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Ten Fun Facts About Crane & Co.

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Crane & Co.Who are Crane & Co. and why would we want to know ten fun facts about them? Open up your wallet or your purse, wherever you put your money, and pull out a bill. Crane & Co. manufactures the paper the money is printed on. In fact, Crane & Co. prints money for Sweden, Saudi Arabia, India, several African countries, India, and Paraguay. While they’re also a high end stationary provider, three quarters of their revenues are from currency business accounts.

Here are a few more fun facts about Crane & Co.:

  1. They were founded in 1801. They’ve been printing paper for U.S. currency for over 130 years, since 1879, and one of the company legends is that the company used to print paper for Paul Revere to print Colonial currency.
  2. The paper-making legacy precedes the founding of Crane & Co. Zenas Crane co-founded the company in 1801 but his father, Stephen Crane, took over one of the first paper mills in Massachusetts in 1770. He named it the Liberty Paper Mill.
  3. Their US facility is located in Dalton, Massachusetts. Dalton is named after Tristam Dalton, speaker of of the Massachusetts House of Representatives, and was incorporated in 1784. It’s largest industry became papermaking, in large part because of its largest employer in Crane.
  4. They are the sole provider of currency paper for the U.S. Treasury. The paper they supply contains all of the security features in the final bill from threads to watermarks to the special embedded fibers. The U.S. Bureau of Engraving and Printing does the actual printing of the bills themselves.
  5. There are only three companies that print currency, manufacture the paper, and the security features – they are one of them. One of the others i English and the other is German.
  6. Crane produces 100% cotton stationery made from 100% recovered cotton fibers. They don’t cut down any trees and instead rely on recovered cotton.
  7. Winthrop M. Crane, one of the CEOs of Crane & Co., became a politician. He was the 40th Governor of Massachusetts (1900-1903) and as a Senator from Massachusetts from 1904 until 1913.
  8. There is a Crane Museum of Papermaking. The museum is located in what was once the Rag Room of the Crane’s 1844 Old Stone Mill and was opened in 1930. It’s free, open Monday through Friday from 1 – 5 p.m. from early June through mid-October.
  9. As is the case with many government contracts, Crane & Co. won the initial currency contract by being the lowest bidder. According to CNN Money, they discovered the lowest bid and submitted one that was much lower. The other bidders tried to lock him in his room but he snuck out and was able to submit the lower bid. They’ve been producing US currency paper ever since!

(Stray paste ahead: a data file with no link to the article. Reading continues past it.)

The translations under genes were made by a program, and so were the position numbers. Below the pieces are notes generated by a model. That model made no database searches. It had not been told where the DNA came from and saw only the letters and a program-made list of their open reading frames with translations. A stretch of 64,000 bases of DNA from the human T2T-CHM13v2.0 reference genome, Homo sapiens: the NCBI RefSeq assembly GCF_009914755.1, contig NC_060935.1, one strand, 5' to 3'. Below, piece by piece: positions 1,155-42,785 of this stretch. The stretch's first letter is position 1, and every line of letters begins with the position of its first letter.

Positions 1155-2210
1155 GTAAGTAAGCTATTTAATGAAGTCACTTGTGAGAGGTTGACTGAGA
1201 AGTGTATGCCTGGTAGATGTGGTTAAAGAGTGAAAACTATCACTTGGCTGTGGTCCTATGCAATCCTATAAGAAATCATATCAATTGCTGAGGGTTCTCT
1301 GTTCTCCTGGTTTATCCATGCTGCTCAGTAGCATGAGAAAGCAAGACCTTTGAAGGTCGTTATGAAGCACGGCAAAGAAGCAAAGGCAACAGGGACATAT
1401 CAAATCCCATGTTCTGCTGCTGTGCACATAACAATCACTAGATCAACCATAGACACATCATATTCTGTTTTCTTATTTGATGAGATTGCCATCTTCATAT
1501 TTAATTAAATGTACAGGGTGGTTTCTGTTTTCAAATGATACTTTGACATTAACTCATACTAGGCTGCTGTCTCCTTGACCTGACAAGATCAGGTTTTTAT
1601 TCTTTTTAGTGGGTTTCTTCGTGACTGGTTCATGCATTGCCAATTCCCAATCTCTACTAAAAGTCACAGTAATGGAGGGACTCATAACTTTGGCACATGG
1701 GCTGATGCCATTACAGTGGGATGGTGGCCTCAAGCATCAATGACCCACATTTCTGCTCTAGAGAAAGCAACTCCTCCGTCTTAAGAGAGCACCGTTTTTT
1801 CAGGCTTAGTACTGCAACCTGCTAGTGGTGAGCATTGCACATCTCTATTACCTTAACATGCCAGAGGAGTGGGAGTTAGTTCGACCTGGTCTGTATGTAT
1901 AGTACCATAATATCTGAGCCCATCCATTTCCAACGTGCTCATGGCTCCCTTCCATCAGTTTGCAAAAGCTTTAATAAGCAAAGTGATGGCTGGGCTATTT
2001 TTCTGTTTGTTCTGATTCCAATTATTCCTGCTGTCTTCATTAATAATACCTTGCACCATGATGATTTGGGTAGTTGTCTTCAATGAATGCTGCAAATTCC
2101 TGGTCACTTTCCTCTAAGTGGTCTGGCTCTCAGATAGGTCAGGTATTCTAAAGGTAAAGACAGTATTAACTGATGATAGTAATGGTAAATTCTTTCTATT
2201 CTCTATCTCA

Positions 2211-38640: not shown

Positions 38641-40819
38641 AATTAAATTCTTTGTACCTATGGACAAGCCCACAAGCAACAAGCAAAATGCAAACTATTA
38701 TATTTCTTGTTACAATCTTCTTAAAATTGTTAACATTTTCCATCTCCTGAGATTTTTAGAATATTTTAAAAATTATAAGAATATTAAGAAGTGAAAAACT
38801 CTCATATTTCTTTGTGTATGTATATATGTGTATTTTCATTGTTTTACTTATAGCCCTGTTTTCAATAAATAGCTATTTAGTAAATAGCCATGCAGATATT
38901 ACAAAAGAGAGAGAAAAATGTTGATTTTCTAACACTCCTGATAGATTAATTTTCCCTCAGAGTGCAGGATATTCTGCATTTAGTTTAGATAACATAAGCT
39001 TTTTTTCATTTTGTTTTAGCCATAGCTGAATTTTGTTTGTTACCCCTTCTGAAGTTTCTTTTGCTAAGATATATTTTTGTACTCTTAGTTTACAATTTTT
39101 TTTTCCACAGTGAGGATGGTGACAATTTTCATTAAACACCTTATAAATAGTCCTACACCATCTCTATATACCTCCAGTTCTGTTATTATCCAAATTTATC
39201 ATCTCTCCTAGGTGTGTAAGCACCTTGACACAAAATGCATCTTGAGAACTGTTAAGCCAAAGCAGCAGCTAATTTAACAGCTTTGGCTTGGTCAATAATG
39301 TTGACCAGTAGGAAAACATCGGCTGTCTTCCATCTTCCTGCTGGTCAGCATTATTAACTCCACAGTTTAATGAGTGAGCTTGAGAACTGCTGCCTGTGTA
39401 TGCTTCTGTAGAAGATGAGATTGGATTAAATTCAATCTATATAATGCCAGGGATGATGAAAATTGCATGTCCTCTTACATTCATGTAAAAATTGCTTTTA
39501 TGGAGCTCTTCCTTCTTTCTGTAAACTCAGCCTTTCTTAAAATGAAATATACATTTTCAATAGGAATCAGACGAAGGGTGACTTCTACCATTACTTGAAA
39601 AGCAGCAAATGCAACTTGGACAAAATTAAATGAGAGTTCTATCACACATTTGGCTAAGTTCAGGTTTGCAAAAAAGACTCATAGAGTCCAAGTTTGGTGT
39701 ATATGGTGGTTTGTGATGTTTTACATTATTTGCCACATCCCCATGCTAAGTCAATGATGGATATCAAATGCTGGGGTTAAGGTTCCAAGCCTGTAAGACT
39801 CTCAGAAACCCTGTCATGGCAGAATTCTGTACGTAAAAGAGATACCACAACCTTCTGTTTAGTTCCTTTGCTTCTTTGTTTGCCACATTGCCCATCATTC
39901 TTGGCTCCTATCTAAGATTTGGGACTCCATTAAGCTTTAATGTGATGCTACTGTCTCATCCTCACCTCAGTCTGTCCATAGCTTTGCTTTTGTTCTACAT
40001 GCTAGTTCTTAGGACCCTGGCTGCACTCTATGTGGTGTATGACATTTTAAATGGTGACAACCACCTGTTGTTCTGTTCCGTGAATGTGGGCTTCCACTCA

10. Before Crane & Co. became the sole supplier of currency paper, the job was contracted to the American Bank Note Company and the National Bank Note Company during the Civil War. Both companies also supplied paper money for the Confederacy at the same time.

Their main site deals with premium cotton stationary but I had fun poking around their Crane Currency website and looking at their various brochures. The new Motion technology looks very cool and certainly would add another layer of security to our currency (it’s currently used in the new Costa Rican 20,000 Colónes note).

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5 Responses to “Ten Fun Facts About Crane & Co.”

  1. MB says:

    Wow, cool read. I am a fan of Crane paper and always try to use their products for resumes and thank you cards, even though I don’t have the kind of jobs that demand that.

    Part of my sadness at switching to online applications is the loss of high quality paper, an affordable luxury, if there ever was one.

  2. Chris says:

    Just a random thought but if its all cotton based, let alone recycled, then there’s no trees harmed because cotton isn’t made from trees. Its a plant, a shrub

  3. zapeta says:

    I think its interesting how many countries they print currency for. I never gave much thought to the paper that money is printed on.

  4. Shelly says:

    Crane paper is LOVELY to hand write upon. As a calligraphy, I can absolutely attest that traditional ink and pen nibs love to write on Crane paper and make the calligrapher look even better. It’s pricey, but worth it for special occasions. Love notes. Thank yous. Weddings.

    Also, it is acid free, so it will stand up to time better than most ephemera.

  5. moljacks says:

    Interesting article. I never really thought about the paper too much so this was a good read. I do love my Crane note cards!


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